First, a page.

jurisdiction, created by Congress with specified
jurisdictional requirements and limitations.”
Strawn v. AT & T Mobility LLC, 530 F.3d 293, 296
(4th Cir. 2008). Generally, a defendant may remove a case
from state court only if the federal district court has
original jurisdiction over the removed action. See
28 U.S.C. § 1441(a); Lontz v. Tharp, 413 F.3d
435, 439 (4th Cir. 2005). Thus, an action is generally
removable only if diversity jurisdiction or federal question
jurisdiction exists on the face of the complaint.
See 28 U.S.C. § 1441(b). Where plaintiff's
complaint raises no federal questions, (see compl.
¶ 25), the court must determine if it has original
jurisdiction based on diversity of citizenship.
invoke diversity jurisdiction, the matter in controversy must
exceed the sum or value of $75, 000, exclusive of interest
and costs, and be between citizens of different States.
See 28 U.S.C. § 1332. A corporation is a
citizen of the state in which it is incorporated and of the
state in which it maintains its principal place of business.
See id. § 1332(c)(1); Hertz Corp. v.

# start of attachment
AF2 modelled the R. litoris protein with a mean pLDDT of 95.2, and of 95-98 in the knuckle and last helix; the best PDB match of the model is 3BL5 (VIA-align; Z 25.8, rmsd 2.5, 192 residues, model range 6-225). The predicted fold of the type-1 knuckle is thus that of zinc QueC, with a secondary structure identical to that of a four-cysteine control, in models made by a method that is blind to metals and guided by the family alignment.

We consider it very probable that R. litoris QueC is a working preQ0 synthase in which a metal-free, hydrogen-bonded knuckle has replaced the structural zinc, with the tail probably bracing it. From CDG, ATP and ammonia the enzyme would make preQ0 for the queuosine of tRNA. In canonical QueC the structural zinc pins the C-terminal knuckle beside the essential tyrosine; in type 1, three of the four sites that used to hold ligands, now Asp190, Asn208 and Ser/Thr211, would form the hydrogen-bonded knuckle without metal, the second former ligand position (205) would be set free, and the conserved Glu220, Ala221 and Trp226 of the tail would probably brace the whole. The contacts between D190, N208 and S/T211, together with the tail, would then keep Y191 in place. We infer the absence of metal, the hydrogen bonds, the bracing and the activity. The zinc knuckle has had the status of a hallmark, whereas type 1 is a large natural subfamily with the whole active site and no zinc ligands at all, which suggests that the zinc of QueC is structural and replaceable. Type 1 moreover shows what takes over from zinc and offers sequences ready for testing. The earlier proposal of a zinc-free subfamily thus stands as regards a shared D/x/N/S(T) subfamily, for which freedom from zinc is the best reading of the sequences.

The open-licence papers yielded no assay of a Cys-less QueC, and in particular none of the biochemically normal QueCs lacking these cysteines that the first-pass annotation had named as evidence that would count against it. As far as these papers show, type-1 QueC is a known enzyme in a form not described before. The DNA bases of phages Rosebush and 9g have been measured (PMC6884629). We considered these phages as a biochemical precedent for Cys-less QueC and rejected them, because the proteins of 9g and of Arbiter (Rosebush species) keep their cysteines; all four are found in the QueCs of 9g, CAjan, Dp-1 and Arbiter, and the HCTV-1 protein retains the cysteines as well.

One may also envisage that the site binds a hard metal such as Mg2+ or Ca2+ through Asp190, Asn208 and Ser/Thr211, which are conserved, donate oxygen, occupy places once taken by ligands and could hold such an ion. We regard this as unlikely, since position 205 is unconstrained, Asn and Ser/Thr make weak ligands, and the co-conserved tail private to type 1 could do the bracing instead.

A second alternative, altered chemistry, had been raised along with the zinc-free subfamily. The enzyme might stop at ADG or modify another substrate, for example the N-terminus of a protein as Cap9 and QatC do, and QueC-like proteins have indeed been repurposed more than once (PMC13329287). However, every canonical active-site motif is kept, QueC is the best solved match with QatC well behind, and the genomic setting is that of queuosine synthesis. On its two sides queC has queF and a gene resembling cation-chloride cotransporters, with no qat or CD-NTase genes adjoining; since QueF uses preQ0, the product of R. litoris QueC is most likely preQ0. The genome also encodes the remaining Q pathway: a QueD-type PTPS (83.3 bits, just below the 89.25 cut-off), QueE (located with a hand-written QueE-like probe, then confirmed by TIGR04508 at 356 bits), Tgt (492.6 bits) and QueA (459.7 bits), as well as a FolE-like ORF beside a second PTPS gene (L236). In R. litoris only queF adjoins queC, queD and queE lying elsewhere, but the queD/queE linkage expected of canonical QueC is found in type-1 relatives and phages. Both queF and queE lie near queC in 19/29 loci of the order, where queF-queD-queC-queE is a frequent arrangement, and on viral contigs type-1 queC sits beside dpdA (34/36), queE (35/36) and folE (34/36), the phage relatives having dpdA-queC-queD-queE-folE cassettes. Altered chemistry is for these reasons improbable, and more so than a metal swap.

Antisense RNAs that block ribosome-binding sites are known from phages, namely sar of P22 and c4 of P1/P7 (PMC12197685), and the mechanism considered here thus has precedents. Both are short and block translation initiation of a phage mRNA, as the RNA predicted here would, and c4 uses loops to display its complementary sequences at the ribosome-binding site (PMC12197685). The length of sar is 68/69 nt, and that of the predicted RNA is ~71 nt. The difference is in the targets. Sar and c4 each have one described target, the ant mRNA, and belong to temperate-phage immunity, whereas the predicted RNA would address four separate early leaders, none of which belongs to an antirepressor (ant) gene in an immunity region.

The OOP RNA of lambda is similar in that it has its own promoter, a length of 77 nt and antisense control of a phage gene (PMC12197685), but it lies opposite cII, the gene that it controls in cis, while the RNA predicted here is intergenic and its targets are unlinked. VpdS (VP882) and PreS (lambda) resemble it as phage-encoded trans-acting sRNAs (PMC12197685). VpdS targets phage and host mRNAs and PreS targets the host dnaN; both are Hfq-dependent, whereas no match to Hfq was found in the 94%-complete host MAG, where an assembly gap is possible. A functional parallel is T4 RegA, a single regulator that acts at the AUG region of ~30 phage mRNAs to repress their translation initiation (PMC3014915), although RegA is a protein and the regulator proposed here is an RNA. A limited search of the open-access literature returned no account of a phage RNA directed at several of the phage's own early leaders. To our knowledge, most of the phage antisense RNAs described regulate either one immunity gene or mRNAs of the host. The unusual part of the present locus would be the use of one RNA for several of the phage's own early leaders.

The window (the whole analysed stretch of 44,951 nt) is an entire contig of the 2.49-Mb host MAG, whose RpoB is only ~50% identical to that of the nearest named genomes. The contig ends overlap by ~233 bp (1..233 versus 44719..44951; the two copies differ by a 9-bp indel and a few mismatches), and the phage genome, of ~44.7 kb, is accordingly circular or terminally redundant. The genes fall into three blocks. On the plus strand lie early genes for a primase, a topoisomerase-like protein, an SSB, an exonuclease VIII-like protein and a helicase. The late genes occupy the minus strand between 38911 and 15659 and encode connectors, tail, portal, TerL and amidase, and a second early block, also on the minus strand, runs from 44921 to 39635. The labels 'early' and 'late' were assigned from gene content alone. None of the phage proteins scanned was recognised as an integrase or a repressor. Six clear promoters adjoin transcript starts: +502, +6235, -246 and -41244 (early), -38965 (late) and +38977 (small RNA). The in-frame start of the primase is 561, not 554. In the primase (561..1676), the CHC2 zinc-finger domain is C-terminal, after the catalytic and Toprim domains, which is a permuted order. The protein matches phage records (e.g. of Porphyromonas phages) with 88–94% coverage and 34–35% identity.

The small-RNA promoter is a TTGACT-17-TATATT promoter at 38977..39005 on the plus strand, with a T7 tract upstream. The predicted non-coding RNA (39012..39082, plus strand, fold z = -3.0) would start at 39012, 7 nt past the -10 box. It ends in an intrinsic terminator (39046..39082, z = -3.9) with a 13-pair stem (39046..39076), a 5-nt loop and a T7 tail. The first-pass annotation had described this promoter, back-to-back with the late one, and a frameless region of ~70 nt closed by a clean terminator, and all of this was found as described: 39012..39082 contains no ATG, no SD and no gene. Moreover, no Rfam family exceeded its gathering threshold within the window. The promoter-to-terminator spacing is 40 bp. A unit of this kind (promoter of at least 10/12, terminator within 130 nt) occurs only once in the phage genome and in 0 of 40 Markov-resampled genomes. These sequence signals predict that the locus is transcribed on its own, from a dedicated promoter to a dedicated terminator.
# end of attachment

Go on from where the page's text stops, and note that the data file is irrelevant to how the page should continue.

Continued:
Friend, 559 U.S. 77, 80-81 (2010). It is long settled
that diversity of citizenship between the parties must be
complete. See, e.g., Wis. Dep't of Corr. v.
Schacht, 524 U.S. 381, 388 (1998); Strawbridge v.
Curtiss, 7 U.S. 267, 267-68 (1806); Slavchev v.
Royal Caribbean Cruises, Ltd., 559 F.3d 251, 254-55 (4th
Cir. 2009). Both plaintiff and the Seller Defendants are
citizens of North Carolina, destroying complete diversity.
(See Compl. ¶¶ 1, 22, 23, 24).
fraudulent joinder doctrine provides that diversity
jurisdiction is not automatically defeated by naming
non-diverse defendants.” Weidman v. Exxon Mobil
Corp., 776 F.3d 214, 218 (4th Cir. 2015). The doctrine
“effectively permits a district court to disregard, for
jurisdictional purposes, the citizenship of certain
nondiverse defendants, assume jurisdiction over a case,
dismiss the nondiverse defendants, and thereby retain